Hey Guys,

I thought rather than writing my usual update I would do something a little different and write about some experiences I’ve had so far this season that I found really interesting. So here goes..

I’ve never really had a problem with motivation but as a young kid I was always more into soccer then I was running and when asked what I would like to do when I’m older the answer was always ‘play for Liverpool’. Now don’t get me wrong I loved my running but the team environment made soccer a much more enjoyable sport and a lot easier to get yourself to training knowing all your mates would be there. However as I got older relying on other team members began to frustrate me so I made the decision to focus on my running and I haven’t looked back.

For the next 3 years I completed 99.9% of my sessions solo and to be quite honest I loved it. I continually got and still get the question ‘how do you train by yourself, isn’t it hard? You must be very motivated’ but I never saw it like that. To me running wasn’t something I had to force myself to do. When it came time to run I was out the door in a flash. It was a way to forget everything. There were no distractions, no one to talk to, an empty track, dad on the stop watch and I was there to do one thing. Run as hard as I could.

As the sessions got harder and the workload increased I found that training partners do in fact make a big difference. Over the past 6 months I’ve been lucky enough to train with a fair few high profile athletes and seeing how they conduct themselves at and after training has helped me become a more consistent and well-rounded athlete. Training with guys such as James Grimm, Tom Robertson, Jack Harvey, Luke Grimley, Tommy Connolly, Ethan Millward, Jason ‘pace’ Brown, Marty clark, Matt Lynch and many others at the annual pre-season training camp a few months ago really helped me improve my speed out of sight and I have found myself at a level of training that I have never been this early in the season. With my new speed the longer sessions became easier, I began to see a big improvement in fitness and managed to slot in with a distance squad in Sydney recently. Although only hanging off the back of James Connor, Dylan Dudley and James Kaan throughout the workouts the times I was knocking out were a level above what I had been doing.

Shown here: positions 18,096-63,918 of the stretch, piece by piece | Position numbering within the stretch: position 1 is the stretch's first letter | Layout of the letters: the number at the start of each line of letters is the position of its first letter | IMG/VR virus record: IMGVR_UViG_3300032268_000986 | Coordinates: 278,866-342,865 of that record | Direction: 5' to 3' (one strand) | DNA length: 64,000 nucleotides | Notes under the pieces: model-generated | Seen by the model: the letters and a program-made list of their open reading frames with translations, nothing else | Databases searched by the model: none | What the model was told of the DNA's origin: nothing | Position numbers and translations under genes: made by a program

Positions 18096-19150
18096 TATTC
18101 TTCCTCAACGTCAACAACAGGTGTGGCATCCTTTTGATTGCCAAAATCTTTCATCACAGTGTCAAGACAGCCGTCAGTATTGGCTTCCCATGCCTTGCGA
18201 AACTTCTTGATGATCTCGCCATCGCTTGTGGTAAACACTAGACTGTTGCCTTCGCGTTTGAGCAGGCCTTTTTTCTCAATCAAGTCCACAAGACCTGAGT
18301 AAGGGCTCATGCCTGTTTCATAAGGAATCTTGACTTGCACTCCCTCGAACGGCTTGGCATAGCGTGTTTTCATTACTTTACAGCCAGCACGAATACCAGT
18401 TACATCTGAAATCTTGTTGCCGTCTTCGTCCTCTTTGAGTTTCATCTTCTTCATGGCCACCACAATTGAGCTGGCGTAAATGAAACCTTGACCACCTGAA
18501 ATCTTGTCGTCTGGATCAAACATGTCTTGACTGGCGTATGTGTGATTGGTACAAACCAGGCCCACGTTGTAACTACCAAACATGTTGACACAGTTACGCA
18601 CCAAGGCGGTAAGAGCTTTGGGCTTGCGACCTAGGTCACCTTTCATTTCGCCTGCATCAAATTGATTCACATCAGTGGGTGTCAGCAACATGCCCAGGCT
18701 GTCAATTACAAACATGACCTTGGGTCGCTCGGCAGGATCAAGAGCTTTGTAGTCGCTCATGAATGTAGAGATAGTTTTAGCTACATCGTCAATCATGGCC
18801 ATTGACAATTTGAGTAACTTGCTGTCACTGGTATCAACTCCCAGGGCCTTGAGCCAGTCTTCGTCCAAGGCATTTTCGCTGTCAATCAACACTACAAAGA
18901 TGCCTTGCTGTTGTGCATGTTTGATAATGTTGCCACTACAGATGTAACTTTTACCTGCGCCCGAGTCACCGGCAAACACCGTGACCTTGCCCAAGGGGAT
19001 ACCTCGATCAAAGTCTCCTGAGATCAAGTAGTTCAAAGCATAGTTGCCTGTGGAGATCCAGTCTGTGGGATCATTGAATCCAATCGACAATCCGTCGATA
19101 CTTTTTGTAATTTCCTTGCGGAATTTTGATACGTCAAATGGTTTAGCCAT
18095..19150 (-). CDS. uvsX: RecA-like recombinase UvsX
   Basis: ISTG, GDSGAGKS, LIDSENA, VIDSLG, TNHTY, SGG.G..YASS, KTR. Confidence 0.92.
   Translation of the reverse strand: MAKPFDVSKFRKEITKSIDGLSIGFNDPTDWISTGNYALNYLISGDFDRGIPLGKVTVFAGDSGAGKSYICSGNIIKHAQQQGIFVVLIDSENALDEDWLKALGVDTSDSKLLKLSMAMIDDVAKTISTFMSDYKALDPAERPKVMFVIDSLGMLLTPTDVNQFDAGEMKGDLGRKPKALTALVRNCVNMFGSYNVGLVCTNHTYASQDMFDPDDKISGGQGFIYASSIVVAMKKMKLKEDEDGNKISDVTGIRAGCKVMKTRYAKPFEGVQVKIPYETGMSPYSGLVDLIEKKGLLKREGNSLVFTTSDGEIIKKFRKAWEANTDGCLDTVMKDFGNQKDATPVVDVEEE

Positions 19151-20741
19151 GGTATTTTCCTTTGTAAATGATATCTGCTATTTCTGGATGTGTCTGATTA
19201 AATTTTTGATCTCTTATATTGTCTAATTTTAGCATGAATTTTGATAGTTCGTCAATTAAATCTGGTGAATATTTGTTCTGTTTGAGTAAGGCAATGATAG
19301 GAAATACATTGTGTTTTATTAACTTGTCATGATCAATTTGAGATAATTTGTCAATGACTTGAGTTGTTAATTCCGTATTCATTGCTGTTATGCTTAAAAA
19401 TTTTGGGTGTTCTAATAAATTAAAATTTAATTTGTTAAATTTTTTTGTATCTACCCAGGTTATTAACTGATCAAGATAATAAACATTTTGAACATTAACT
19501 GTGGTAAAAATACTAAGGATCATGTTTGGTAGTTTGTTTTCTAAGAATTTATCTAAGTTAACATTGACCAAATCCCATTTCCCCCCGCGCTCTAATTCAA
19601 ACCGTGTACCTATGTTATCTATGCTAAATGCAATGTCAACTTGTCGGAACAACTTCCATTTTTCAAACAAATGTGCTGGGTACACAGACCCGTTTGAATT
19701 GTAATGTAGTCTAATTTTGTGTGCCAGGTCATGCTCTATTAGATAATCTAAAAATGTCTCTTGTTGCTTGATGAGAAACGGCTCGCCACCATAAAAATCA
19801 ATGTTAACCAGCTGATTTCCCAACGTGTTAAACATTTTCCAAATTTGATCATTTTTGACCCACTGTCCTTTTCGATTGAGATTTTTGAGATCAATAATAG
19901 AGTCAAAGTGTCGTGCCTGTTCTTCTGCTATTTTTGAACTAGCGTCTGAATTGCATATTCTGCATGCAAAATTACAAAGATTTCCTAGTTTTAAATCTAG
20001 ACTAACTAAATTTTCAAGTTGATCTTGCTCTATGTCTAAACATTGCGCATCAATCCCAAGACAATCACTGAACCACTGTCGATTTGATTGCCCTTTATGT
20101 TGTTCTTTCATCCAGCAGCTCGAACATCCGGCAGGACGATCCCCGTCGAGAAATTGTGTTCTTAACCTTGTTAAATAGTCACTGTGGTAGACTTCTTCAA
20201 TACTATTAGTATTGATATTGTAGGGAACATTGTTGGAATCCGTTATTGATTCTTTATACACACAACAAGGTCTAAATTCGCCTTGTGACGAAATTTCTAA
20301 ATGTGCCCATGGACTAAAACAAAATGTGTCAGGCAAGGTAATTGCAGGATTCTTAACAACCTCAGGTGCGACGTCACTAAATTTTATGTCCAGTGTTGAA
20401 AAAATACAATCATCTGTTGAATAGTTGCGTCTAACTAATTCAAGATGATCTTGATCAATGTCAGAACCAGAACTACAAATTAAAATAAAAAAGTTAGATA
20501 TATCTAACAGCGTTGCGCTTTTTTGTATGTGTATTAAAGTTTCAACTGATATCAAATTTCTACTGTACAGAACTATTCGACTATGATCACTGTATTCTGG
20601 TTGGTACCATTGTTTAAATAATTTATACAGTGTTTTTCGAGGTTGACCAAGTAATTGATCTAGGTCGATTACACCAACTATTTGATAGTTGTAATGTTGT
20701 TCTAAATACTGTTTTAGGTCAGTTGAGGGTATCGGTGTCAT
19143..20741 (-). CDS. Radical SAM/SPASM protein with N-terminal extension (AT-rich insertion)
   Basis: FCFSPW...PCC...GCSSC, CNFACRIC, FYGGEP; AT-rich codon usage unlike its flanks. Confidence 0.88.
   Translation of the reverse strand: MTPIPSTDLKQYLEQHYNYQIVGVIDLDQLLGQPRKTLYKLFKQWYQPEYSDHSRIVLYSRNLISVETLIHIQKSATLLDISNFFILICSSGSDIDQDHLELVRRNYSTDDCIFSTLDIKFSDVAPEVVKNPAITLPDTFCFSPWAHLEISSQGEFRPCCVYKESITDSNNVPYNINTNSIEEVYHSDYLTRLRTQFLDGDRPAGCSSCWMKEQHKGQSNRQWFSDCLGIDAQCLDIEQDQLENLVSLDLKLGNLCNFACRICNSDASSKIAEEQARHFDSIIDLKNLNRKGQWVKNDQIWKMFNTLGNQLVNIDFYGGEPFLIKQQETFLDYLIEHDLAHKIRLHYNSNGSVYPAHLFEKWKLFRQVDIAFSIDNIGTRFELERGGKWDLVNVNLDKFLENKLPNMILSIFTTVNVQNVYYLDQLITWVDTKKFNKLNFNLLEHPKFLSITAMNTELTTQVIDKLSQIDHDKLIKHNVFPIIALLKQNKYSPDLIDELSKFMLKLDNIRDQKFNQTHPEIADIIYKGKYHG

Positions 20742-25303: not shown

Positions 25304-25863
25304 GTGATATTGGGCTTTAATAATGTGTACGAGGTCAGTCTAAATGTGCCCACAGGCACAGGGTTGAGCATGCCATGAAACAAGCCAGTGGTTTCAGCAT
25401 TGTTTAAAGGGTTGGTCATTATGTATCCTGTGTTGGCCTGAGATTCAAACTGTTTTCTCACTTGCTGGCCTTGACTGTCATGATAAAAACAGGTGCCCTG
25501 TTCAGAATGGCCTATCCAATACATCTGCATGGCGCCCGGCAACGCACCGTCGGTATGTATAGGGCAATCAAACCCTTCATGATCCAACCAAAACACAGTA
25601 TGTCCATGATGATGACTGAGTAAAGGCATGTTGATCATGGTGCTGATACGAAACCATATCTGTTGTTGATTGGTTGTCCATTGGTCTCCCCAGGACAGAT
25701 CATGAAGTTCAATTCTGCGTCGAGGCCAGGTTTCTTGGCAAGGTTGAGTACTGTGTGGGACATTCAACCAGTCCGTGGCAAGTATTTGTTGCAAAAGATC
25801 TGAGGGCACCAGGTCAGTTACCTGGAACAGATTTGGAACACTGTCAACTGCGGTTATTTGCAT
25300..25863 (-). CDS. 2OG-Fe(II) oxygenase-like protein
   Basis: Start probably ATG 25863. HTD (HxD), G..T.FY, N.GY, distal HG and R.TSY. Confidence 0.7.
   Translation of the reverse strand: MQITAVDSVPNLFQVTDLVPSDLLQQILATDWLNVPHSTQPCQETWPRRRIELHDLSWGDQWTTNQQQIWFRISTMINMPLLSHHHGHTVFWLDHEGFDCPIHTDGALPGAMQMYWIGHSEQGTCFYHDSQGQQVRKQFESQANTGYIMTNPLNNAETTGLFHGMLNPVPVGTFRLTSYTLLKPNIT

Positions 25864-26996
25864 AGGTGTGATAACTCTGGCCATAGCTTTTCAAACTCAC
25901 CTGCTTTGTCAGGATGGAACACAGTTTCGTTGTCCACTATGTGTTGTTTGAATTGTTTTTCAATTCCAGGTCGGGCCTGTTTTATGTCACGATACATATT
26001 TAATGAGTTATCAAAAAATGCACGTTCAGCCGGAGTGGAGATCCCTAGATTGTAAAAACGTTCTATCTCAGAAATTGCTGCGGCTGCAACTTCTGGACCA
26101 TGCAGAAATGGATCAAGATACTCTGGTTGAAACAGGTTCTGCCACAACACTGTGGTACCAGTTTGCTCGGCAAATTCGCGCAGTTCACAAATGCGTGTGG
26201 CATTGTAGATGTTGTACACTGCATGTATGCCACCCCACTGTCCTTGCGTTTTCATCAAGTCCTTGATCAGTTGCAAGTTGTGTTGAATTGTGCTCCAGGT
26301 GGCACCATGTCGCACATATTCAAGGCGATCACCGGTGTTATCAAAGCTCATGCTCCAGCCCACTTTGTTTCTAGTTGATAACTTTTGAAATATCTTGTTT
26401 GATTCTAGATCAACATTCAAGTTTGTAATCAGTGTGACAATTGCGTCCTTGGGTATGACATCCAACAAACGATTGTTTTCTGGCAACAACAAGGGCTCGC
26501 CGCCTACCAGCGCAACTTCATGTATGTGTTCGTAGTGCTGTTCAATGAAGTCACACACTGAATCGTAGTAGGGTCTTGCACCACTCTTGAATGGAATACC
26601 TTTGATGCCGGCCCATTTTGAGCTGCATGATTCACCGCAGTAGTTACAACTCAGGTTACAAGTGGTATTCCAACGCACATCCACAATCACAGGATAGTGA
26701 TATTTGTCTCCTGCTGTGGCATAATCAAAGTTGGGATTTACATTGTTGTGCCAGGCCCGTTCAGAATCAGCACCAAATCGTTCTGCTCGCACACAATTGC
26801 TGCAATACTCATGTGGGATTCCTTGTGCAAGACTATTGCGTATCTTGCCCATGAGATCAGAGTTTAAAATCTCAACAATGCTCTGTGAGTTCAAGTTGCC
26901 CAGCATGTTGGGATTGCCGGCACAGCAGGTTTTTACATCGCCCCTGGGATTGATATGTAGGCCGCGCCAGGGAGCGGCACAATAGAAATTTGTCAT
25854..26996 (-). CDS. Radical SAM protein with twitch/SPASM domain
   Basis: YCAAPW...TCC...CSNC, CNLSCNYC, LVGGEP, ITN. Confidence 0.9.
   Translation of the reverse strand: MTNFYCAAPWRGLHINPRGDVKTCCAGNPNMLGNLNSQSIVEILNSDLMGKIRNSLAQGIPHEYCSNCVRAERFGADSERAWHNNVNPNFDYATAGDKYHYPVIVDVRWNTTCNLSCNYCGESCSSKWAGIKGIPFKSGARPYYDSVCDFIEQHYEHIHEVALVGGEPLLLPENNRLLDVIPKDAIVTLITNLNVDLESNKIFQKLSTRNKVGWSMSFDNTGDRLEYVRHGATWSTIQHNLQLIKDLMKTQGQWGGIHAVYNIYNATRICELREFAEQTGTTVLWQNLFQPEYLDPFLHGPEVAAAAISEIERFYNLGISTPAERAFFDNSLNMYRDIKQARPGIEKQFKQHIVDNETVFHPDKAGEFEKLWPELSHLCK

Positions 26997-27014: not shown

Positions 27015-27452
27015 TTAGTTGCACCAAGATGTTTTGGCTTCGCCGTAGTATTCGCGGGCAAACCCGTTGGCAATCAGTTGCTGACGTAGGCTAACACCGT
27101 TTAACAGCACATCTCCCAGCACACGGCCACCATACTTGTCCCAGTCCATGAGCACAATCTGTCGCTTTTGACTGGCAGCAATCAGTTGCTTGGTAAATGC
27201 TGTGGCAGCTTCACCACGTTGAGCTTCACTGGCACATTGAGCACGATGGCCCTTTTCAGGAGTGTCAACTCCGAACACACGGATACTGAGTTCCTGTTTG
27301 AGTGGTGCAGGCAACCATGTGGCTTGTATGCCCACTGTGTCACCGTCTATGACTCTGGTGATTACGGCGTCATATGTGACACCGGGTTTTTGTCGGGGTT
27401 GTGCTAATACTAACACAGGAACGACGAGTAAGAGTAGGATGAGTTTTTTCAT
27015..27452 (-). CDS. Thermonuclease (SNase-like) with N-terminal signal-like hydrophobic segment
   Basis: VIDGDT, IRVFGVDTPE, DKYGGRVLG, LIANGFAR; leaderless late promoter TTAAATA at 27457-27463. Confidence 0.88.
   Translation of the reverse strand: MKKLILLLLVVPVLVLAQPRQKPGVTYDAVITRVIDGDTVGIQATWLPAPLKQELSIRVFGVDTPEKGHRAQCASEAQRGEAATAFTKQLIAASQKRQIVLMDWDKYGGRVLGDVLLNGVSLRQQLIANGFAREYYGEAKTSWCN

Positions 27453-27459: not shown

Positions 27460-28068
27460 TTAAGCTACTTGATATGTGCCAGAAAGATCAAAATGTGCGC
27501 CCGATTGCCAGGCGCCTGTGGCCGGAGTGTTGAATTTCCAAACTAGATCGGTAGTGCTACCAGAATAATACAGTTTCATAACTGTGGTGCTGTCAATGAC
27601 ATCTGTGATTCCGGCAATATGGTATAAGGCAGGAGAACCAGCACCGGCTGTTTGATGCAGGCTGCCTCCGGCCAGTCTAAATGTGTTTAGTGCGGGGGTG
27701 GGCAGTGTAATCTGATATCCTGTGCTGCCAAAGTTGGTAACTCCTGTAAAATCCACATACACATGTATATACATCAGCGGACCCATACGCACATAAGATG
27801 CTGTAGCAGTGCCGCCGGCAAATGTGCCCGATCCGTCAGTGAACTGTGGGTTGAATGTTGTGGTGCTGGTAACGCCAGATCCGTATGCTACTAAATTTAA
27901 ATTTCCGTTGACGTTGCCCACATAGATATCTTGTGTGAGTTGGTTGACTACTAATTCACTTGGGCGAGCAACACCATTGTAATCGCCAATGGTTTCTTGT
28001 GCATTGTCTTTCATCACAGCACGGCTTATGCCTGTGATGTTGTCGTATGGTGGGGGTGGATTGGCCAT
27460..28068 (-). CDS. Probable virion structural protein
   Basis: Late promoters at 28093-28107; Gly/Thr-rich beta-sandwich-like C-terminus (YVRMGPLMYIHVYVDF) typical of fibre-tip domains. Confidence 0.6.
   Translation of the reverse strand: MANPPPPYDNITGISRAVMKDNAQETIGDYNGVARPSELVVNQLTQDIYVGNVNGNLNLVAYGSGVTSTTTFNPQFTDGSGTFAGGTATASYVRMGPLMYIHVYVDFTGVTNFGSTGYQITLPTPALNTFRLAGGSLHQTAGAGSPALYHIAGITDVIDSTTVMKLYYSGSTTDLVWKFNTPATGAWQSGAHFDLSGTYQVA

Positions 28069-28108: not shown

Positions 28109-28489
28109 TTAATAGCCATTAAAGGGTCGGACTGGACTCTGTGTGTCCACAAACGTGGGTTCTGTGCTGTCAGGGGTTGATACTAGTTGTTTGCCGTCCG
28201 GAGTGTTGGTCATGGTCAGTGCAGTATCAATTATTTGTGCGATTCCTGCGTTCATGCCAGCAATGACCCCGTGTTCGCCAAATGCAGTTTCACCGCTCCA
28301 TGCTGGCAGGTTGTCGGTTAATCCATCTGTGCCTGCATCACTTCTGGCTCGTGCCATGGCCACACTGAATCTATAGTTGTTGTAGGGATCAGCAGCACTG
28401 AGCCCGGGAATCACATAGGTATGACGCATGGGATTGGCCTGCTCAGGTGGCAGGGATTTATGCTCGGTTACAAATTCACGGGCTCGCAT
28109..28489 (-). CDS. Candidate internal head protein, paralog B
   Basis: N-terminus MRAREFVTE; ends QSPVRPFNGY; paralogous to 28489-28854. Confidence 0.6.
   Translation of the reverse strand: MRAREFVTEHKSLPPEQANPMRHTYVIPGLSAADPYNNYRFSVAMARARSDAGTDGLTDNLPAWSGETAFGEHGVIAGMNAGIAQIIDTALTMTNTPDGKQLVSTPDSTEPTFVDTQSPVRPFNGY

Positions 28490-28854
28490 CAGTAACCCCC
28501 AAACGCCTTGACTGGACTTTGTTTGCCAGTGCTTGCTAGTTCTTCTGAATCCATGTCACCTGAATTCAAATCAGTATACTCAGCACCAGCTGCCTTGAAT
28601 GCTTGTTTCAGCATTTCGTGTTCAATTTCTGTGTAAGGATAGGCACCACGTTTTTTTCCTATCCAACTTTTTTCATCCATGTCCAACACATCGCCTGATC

At home I still train by myself but try to take every opportunity to run with others usually meeting up with Luke Tarrant and Karlie Swanson for a long run of a Sunday morning which I’ve found just breaks up the week a little and makes it more interesting.

I guess the point I’m trying to make is that jumping in with a different squad never hurts. It’s a good change from the regular routine and can help an athlete who finds their training/racing plateaued. If we look at the Kenyans one of the reasons they are such a dominate force is because they all help each other both training and racing. They do not see each other as a threat only strive to be their best individually. The only Australian equivalent to this which I can think of is the Melbourne Track Club who happen to be our leading distance runners for this same reason. All training with personal coaches but come together for the European season to push each other’s limits both in training and races.

I’m very thankful to everyone that’s let me join in on their sessions over the last year or two and look forward to training with the countries best distance runners at falls creek later this year.

Thanks for reading guys, I hope this helps both athlete and coach realise that jumping in with another squad is a great thing. You can never be too good to get a few different opinions.

Until next time,